Accurate reporting of obstetrical history at initial prenatal visit: Retrospective case study

Micah Wright, Thanh Luu, Katie Smith, Jessie Sorrelle, Christa Sikes, Anne L. Bowes, DJ Vargus, Caro Rossavik, Lance Frye, William Po, Daniel Oraee

Research output: Contribution to conferencePosterpeer-review


Background: The potential for recall bias at initial intake visit of multiparous obstetrical patients is a common concern. Accuracy of initial obstetrical history reporting can drastically alter the course of pregnancy management if information documented during pregnancy is inaccurate. This retrospective study assess the overall accuracy of obstetrical history reporting at intake visit for multiparous obstetrical patients.

Methods: Delivery record data was collected from January 2016-Febuary 2018 (time frame of our current EMR use within the department clinic) using our attending physicians name as the delivering physicians. Research collection specific patient reported obstetrical history: Delivery records retrieved from the initial electronic medical record searches were screened by all authors. EMR delivery record data was compared with the obstetrical history accessible at our department clinic for comparison of accuracy in data reporting.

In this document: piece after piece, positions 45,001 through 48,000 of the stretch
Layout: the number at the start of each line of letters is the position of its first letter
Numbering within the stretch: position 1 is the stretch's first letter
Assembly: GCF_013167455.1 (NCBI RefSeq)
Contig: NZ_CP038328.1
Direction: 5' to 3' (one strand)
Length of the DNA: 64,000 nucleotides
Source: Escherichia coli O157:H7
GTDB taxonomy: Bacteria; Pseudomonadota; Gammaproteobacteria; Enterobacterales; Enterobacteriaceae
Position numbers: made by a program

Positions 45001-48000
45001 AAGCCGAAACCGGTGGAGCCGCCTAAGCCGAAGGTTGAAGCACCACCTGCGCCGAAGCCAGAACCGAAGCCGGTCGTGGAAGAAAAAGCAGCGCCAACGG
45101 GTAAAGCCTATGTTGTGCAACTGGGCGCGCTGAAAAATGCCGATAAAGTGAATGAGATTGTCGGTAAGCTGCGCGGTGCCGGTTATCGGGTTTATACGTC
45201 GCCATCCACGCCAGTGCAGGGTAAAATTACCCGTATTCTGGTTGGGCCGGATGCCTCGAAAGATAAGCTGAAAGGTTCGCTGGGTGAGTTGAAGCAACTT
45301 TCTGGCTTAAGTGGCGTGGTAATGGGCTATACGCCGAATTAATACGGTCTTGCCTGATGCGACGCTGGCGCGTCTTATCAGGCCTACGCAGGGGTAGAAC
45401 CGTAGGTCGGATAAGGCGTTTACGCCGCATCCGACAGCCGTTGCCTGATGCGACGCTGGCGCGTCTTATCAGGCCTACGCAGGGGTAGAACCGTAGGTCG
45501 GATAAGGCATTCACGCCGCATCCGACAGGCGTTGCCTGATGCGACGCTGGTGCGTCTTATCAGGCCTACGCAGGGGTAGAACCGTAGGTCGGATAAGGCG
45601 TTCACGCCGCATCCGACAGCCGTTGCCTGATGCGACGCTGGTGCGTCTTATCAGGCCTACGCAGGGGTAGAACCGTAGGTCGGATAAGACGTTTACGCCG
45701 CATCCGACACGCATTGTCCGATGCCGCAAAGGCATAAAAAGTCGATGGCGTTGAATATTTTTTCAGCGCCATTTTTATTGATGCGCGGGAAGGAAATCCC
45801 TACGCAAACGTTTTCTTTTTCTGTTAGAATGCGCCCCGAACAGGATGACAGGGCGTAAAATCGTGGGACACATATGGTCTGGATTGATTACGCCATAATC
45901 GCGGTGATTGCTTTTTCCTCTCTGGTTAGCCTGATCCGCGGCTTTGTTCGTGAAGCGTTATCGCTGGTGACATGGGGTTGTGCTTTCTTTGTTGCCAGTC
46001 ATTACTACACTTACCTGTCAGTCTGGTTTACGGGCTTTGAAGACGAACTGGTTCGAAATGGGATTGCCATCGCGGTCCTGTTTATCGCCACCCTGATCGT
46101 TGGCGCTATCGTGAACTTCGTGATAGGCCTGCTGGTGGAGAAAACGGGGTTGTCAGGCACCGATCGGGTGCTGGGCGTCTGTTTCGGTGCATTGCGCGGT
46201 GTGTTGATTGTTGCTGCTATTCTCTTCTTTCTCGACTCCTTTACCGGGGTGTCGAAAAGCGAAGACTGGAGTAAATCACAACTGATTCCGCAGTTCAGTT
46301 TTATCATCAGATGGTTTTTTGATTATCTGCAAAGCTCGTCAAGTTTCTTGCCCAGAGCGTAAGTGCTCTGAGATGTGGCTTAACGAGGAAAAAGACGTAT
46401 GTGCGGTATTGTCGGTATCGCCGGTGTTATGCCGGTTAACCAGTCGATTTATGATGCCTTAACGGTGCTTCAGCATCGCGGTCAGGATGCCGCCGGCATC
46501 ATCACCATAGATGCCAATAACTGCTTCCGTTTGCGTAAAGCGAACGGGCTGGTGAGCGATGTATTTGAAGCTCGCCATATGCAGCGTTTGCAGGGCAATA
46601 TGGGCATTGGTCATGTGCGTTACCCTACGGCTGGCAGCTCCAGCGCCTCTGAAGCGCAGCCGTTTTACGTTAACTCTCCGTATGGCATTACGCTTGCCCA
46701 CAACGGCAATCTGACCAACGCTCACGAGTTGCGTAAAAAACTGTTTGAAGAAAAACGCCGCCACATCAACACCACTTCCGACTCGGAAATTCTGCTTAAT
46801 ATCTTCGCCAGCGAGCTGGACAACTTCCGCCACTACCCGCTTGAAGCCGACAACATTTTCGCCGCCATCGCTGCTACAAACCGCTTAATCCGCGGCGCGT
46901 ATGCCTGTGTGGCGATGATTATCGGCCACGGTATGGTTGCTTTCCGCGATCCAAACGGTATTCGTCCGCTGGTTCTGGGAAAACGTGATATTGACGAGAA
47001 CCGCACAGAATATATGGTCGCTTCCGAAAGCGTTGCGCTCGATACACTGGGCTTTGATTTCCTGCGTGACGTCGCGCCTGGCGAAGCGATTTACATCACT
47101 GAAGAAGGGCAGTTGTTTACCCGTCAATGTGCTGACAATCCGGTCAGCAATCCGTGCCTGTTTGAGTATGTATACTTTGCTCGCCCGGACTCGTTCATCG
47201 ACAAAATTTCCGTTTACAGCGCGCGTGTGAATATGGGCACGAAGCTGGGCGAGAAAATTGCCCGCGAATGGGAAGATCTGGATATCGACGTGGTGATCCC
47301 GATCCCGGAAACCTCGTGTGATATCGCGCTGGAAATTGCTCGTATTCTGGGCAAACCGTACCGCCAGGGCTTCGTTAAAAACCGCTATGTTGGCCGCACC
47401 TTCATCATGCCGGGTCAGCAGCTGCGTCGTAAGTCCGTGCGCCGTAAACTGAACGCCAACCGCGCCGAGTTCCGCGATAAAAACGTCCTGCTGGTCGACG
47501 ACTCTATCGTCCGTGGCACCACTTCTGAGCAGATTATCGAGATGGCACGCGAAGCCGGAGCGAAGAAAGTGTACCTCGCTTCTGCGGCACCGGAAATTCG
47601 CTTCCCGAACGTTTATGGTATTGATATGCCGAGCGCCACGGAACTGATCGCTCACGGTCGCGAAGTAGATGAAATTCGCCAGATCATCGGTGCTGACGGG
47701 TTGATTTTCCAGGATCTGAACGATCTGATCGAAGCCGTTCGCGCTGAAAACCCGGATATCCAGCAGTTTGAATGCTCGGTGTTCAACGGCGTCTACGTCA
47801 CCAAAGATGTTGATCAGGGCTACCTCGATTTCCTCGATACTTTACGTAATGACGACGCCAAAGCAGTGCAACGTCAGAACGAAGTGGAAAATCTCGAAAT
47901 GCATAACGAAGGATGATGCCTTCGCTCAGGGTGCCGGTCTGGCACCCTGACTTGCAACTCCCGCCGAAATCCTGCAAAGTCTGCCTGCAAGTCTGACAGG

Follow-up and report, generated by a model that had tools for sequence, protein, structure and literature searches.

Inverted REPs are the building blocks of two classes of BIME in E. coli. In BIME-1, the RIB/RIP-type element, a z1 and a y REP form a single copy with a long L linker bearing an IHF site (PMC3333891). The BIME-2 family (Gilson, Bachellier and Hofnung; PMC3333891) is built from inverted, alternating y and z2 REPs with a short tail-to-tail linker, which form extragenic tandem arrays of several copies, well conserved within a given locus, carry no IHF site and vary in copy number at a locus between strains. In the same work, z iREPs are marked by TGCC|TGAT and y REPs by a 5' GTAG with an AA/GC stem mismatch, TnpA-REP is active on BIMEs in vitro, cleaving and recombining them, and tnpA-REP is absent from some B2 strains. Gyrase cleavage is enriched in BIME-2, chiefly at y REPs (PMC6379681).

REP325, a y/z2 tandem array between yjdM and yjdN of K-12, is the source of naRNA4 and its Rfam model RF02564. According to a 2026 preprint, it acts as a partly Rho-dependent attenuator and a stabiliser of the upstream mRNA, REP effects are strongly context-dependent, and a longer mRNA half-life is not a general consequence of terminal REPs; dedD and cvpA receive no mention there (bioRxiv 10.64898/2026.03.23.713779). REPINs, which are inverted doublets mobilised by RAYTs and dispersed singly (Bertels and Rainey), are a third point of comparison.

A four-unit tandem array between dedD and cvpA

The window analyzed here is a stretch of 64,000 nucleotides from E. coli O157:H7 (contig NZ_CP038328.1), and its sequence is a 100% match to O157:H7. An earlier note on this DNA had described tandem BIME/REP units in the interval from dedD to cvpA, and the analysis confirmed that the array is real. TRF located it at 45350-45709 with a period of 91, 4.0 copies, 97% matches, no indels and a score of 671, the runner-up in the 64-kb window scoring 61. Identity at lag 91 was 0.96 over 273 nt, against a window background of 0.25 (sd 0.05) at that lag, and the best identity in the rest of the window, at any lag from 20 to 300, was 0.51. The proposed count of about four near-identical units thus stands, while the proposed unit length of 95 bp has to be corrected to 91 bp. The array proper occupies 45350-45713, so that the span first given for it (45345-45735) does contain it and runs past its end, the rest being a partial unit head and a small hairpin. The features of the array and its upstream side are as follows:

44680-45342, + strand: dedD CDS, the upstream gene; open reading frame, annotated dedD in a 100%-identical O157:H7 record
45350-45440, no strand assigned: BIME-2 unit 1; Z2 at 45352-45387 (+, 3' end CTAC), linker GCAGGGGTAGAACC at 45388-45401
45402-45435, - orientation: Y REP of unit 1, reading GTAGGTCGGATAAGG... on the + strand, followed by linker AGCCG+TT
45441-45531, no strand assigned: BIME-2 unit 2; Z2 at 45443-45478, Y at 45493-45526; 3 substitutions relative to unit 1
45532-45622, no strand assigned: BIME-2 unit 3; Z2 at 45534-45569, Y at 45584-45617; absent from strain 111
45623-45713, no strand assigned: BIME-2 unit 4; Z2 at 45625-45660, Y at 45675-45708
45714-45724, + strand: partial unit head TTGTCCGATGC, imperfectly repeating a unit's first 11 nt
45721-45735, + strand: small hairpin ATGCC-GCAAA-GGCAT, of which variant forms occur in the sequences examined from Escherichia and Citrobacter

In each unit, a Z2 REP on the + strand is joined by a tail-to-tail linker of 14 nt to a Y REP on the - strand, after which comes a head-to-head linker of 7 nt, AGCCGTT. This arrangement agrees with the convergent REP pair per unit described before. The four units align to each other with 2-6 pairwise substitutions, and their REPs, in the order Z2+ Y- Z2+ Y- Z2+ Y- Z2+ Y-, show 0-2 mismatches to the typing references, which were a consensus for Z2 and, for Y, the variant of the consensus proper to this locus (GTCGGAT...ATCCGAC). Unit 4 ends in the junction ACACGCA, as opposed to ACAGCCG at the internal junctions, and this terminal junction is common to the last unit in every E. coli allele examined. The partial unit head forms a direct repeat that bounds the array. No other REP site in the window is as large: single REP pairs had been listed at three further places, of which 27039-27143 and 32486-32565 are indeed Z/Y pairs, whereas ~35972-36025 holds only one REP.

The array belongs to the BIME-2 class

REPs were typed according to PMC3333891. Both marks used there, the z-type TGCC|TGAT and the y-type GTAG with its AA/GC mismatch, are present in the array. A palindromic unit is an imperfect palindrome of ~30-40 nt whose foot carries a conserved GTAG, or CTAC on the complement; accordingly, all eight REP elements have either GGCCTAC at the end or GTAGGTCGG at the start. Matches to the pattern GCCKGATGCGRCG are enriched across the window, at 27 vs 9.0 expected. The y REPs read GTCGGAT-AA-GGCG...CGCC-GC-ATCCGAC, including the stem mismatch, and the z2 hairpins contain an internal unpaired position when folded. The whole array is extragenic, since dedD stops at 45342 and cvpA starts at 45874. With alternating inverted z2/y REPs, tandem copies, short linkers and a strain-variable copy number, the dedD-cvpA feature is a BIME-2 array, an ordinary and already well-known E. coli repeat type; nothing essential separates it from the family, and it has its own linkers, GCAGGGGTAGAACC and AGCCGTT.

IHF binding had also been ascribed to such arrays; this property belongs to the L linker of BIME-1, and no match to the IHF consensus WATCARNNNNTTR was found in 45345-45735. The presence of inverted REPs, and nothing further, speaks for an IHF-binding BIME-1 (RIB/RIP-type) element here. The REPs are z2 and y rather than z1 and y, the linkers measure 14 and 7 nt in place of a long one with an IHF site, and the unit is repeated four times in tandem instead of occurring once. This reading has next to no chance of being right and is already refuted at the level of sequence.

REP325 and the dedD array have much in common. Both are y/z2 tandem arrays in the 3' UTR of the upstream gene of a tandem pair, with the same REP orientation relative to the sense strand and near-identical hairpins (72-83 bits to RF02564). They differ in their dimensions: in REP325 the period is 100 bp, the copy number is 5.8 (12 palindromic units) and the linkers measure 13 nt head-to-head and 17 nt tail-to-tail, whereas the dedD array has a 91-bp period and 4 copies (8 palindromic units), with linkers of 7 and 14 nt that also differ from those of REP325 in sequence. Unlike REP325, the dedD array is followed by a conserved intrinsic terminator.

Results: 321 delivery records were retained for final analysis. Of these remaining records, 318 (99%) recorded accurate type of delivery, 301 (94%) accurately recorded year of delivery, 292 (91%) accurately recorded Gravida and Para history, 208 (65%) reported accurate gestational age at delivery, and 186 (58%) accurately recorded delivery weight.

Conclusion: Overall results suggest that our patient population was accurate at recording routine obstetrical information on initial prenatal visit. However, poor accuracy was noted in reporting more detailed obstetrical information that potentially would have an impact on management of future pregnancies. The results obtained from this study will be used to create measures to improve our patient’s obstetrical history reporting. The data from this study will be used in follow up for a prospective case study following the creation of new protocols in our intake history created to assure accurate history reporting at initial visit. The follow up prospective study will compare this rate with history reported at postpartum interview after a thorough obstetrical history review has been performed to see if rates of recall bias are improved.
Original languageAmerican English
StatePublished - 22 Aug 2020
EventOklahoma State University Center for Health Sciences Research Day 2019 - Oklahoma State University Center for Health Sciences, TULSA, United States
Duration: 21 Feb 201922 Feb 2019


ConferenceOklahoma State University Center for Health Sciences Research Day 2019
Abbreviated titleResearch Day 2019
Country/TerritoryUnited States
Internet address


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